Living in the city, living off the land
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Hey there, time traveller!
This article was published 14/08/2020 (897 days ago), so information in it may no longer be current.
Audrey Logan hasn’t been to a grocery store in more than a decade.
The Métis, Nehiyaw Elder refers to herself as an urban bush woman who forages, grows and dehydrates all the food she needs from the neighbourhood around her West Broadway apartment. They are techniques she learned as a ’60s Scoop survivor and traditional practices she later reclaimed from relatives who lived off the land.
“I can forage throughout the city here I can find grapes and cherries and apples and plums and all kind of things,” Logan says. “You just knock on a person’s door.”
Born in Edmonton, she was taken away from her birth family at the age of three during the ’60s Scoop — an era that started in Canada in the 1950s and saw child welfare agencies regularly removing Indigenous children from their homes for placement in foster care and adoption to white families. Logan was placed in a home that used children as farm labourers.
“By fostering kids they made extra money as well as had farm help,” she says. “They were not very kind people.”
She paid close attention to the farming practices used on the farm and came to the conclusion that most western methods, like monoculture planting, did more harm than good. At 13, she ran away from the home and used what she learned about plants to survive while evading child and family service agents.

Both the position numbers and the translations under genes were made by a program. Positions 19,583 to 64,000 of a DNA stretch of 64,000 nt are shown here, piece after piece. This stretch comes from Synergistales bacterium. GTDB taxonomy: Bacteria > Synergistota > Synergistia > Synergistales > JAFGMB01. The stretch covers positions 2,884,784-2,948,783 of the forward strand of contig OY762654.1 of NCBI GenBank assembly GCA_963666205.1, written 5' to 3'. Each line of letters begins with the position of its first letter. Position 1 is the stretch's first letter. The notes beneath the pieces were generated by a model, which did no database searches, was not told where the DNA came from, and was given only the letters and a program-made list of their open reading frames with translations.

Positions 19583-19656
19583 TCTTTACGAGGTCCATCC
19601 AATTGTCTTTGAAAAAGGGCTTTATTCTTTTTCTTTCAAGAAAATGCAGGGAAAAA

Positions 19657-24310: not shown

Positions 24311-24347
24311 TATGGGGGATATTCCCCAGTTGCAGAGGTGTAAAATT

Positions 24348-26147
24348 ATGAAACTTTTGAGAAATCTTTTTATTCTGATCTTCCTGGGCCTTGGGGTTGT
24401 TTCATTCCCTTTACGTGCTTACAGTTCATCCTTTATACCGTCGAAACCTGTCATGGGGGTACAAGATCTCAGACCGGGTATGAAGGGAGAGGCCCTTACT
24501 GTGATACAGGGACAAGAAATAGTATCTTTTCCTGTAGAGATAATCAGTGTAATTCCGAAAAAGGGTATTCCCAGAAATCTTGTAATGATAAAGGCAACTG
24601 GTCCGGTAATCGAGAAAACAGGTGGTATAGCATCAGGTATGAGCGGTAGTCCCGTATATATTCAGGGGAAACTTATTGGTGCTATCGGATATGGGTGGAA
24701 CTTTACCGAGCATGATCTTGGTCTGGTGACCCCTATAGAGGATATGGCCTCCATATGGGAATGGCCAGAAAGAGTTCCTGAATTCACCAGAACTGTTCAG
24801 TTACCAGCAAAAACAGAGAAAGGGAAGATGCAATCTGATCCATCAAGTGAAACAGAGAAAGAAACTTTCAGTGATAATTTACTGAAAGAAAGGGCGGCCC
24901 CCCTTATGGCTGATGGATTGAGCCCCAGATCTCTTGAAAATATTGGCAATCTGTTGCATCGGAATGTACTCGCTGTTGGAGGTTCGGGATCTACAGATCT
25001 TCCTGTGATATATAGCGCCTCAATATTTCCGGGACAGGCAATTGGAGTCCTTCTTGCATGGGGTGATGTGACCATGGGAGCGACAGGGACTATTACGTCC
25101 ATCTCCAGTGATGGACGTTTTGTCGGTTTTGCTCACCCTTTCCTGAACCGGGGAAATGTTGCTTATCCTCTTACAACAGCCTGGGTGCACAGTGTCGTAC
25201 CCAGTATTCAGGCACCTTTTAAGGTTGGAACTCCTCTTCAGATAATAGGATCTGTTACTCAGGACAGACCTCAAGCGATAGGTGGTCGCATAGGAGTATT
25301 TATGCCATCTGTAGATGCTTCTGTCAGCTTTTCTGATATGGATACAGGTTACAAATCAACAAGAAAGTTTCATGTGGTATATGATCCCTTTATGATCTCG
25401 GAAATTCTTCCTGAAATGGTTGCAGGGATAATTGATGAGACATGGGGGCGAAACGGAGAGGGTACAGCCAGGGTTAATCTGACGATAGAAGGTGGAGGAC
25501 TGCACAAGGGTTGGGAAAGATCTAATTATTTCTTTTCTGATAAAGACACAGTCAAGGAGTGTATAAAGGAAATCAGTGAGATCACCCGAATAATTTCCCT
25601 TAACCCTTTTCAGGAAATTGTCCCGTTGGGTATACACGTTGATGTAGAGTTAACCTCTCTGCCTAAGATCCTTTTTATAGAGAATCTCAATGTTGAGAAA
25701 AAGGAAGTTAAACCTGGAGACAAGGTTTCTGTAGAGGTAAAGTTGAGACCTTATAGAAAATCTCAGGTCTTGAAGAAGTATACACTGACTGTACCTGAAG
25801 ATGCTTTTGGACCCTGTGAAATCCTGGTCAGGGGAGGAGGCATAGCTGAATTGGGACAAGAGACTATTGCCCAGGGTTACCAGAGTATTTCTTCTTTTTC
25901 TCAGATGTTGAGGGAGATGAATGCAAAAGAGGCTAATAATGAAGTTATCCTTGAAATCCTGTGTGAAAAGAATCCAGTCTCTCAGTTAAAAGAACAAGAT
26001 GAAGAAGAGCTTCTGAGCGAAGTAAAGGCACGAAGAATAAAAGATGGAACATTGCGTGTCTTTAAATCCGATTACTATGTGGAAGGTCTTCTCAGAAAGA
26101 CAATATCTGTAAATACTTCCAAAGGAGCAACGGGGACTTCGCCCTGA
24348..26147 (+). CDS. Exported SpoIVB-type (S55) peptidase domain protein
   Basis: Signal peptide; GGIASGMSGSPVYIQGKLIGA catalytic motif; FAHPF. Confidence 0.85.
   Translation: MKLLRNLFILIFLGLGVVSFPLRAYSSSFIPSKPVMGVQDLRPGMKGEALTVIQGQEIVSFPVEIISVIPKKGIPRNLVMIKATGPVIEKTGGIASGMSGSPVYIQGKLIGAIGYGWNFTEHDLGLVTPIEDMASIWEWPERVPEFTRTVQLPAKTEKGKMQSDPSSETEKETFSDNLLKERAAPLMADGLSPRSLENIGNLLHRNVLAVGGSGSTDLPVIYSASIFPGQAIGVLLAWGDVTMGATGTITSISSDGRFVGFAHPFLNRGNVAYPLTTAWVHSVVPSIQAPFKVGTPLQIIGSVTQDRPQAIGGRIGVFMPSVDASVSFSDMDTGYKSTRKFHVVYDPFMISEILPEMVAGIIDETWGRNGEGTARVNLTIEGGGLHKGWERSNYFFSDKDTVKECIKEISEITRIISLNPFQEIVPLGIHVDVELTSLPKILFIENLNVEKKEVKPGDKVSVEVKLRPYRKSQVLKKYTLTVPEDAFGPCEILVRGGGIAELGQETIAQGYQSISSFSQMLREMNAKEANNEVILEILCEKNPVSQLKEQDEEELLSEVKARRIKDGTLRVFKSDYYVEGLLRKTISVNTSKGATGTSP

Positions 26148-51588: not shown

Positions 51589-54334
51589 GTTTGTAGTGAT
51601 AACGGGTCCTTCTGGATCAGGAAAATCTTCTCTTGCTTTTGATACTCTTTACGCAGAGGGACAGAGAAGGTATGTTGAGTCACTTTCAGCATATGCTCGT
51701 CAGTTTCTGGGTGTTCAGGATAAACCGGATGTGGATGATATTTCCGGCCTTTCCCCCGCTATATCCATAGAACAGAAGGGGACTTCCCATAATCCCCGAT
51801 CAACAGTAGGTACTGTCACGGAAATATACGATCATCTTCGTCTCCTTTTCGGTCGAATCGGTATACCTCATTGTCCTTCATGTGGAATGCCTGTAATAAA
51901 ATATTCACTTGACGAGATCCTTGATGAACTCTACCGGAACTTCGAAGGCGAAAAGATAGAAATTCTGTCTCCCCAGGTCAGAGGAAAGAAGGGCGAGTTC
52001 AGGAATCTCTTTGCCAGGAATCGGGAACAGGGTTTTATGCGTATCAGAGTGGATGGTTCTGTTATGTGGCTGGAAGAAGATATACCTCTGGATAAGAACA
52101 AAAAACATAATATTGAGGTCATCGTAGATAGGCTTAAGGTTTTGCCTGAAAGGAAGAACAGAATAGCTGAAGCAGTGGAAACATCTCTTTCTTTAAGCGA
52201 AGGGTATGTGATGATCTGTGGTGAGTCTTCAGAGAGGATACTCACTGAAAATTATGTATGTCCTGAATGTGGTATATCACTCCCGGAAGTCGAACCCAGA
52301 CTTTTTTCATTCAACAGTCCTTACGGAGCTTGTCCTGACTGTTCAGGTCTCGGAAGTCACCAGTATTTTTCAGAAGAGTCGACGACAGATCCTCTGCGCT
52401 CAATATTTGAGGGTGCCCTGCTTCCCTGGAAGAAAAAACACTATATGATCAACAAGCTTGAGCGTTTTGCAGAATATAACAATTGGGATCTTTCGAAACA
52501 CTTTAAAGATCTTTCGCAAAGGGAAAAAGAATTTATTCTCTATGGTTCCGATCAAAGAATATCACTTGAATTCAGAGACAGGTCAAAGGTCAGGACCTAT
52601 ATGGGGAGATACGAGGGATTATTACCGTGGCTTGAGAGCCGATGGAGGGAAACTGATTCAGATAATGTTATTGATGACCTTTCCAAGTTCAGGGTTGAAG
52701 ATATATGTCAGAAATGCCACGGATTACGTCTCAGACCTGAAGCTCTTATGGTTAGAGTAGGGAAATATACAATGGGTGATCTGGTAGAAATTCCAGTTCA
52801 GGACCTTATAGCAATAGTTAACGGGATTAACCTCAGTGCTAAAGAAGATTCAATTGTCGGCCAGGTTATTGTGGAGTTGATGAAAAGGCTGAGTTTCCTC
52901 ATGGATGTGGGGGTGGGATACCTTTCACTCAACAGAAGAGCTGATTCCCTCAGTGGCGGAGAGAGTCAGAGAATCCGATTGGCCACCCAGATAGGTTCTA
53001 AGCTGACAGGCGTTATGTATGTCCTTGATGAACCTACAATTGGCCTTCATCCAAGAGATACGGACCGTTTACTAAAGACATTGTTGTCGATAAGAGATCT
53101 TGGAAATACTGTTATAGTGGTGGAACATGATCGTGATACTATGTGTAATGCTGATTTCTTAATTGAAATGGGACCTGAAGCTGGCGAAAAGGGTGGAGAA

“I had to move around a lot because if CFS finds you they lock you up and next thing you know you’ve got a police record, whether you did anything wrong or not,” she says. “Everywhere I moved, I did people’s backyards and gardens and thus fed myself and eventually my daughter.
In her 20s, Logan reconnected with her family in northern Alberta and spent time learning from her kookum and auntie, both of whom were skilled bush women.
However, her passion for traditional Indigenous agriculture began when she found out cultivated squash seeds had been discovered in the stomach of a mammoth. In 2015, students at Canadian Mennonite University made headlines when they successfully grew a squash from an 800-year-old seed found during an archaeological dig in what is now known as Wisconsin.
“It was a turning point finding out that none of this actually came from Europeans,” she says. “We were the farmers here, we managed the land… all the tomatoes people grow, potatoes, your melons, beans, your squash — all of that’s from Indigenous people thousands of years ago.”
For the last six years, Logan has been promoting the history of Indigenous agriculture and teaching traditional methods at a community garden plot on the corner of Broadway and Good Street.